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(Reuters) - The prospect of winning his home tournament at this week's Texas Open in San Antonio is tantalizing for Jimmy Walker but the American says he feels no extra pressure as he bids to claim a fifth PGA Tour title.
Though the San Antonio resident conceded that he faced "a juggling act" with all sorts of personal requests from friends and family this week, he treated the tournament itself as just another very difficult challenge on the U.S. circuit.
"I definitely don't feel any tighter," Walker told reporters while preparing for Thursday's opening round at the TPC San Antonio. "It's hard to win any week, let alone your home week, so I don't think you can really put it in perspective like that.
"But it would definitely be a lot of fun. It would be fun to hear the cheers from the crowd, being from here, and have a chance to win on Sunday. It would mean a lot.
"I live here, I've got lots of friends, lots of family. I know that they would all be there. It would be fun to have everybody run out and start popping champagne."
Walker, who claimed his fourth PGA Tour victory at the Sony Open in Hawaii in January, readily admitted that preparations for the week had to be worked around off-course requests.
"It's definitely more of a juggling act, I think, if you're at home, because everybody wants to see you," said the 36-year-old Oklahoma native. "They want to come out and you get requests for a lot of things.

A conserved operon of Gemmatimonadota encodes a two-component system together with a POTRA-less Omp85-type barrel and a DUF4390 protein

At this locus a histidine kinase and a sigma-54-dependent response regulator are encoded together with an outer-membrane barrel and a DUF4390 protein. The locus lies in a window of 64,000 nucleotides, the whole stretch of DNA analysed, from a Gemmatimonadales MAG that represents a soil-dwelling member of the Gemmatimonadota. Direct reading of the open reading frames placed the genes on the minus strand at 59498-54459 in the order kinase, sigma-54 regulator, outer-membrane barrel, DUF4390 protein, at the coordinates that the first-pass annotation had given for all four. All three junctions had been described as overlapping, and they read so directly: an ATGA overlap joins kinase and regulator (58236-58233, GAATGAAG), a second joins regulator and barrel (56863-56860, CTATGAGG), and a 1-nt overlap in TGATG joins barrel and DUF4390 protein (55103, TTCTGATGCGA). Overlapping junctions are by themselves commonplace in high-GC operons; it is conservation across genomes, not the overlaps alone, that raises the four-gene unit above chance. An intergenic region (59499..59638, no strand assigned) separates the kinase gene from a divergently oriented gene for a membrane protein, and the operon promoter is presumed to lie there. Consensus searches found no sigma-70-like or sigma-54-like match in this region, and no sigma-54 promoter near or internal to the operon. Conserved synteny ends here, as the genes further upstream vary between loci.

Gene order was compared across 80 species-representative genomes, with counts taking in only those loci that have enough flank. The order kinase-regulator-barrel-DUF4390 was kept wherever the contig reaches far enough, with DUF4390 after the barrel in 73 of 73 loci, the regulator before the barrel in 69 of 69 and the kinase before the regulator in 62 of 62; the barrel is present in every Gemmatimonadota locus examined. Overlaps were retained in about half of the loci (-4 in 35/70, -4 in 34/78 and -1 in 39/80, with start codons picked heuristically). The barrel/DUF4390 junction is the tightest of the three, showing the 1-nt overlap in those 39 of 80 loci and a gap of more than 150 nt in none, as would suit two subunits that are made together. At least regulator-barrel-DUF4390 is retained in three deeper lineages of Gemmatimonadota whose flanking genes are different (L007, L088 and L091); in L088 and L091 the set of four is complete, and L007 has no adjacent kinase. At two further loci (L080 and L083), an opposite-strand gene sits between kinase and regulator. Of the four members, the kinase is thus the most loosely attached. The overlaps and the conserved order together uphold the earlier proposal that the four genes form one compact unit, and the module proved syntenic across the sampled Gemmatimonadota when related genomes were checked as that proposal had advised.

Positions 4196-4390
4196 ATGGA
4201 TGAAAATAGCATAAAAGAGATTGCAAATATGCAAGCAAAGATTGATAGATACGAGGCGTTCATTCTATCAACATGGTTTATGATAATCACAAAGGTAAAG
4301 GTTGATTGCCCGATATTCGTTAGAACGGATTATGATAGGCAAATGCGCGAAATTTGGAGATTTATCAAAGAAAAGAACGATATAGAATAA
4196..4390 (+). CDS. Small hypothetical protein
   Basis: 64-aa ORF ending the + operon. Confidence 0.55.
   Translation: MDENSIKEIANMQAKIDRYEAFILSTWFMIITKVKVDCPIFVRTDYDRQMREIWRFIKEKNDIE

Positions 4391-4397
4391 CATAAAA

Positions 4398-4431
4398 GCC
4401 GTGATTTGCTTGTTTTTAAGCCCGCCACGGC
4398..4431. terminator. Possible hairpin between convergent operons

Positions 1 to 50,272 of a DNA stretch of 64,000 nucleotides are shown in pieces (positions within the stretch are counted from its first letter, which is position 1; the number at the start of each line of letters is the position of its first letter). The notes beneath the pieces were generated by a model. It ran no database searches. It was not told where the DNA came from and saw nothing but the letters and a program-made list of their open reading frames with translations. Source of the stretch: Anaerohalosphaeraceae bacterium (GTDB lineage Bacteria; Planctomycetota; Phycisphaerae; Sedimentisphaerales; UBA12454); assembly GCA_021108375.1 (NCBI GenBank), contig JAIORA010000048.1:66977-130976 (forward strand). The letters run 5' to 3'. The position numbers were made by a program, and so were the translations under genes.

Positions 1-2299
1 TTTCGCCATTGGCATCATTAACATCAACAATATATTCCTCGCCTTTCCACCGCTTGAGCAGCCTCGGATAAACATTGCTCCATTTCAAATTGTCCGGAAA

"So it's just a matter of trying to keep it all balanced and we've been doing a good job. It's definitely nice to be home. It does feel more relaxed."
Walker will have to contend with a strong field at the TPC San Antonio where American world number six Jordan Spieth, his ninth-ranked compatriot Dustin Johnson and U.S. Open champion Martin Kaymer of Germany are all competing.
Also set for the opening round is straight-hitting American Zach Johnson, a twice former winner of the Texas Open who has four wins in the Lone Star state.
"I don't know what the rationale is, other than I'm comfortable with the golf courses," Johnson said of his successful record in Texas. "That's really what it boils down to.
"You've got to hit it straight, you've got to rely on your putter, and I like that."
Reporting by Mark Lamport-Stokes in Los Angeles; Editing by Frank Pingue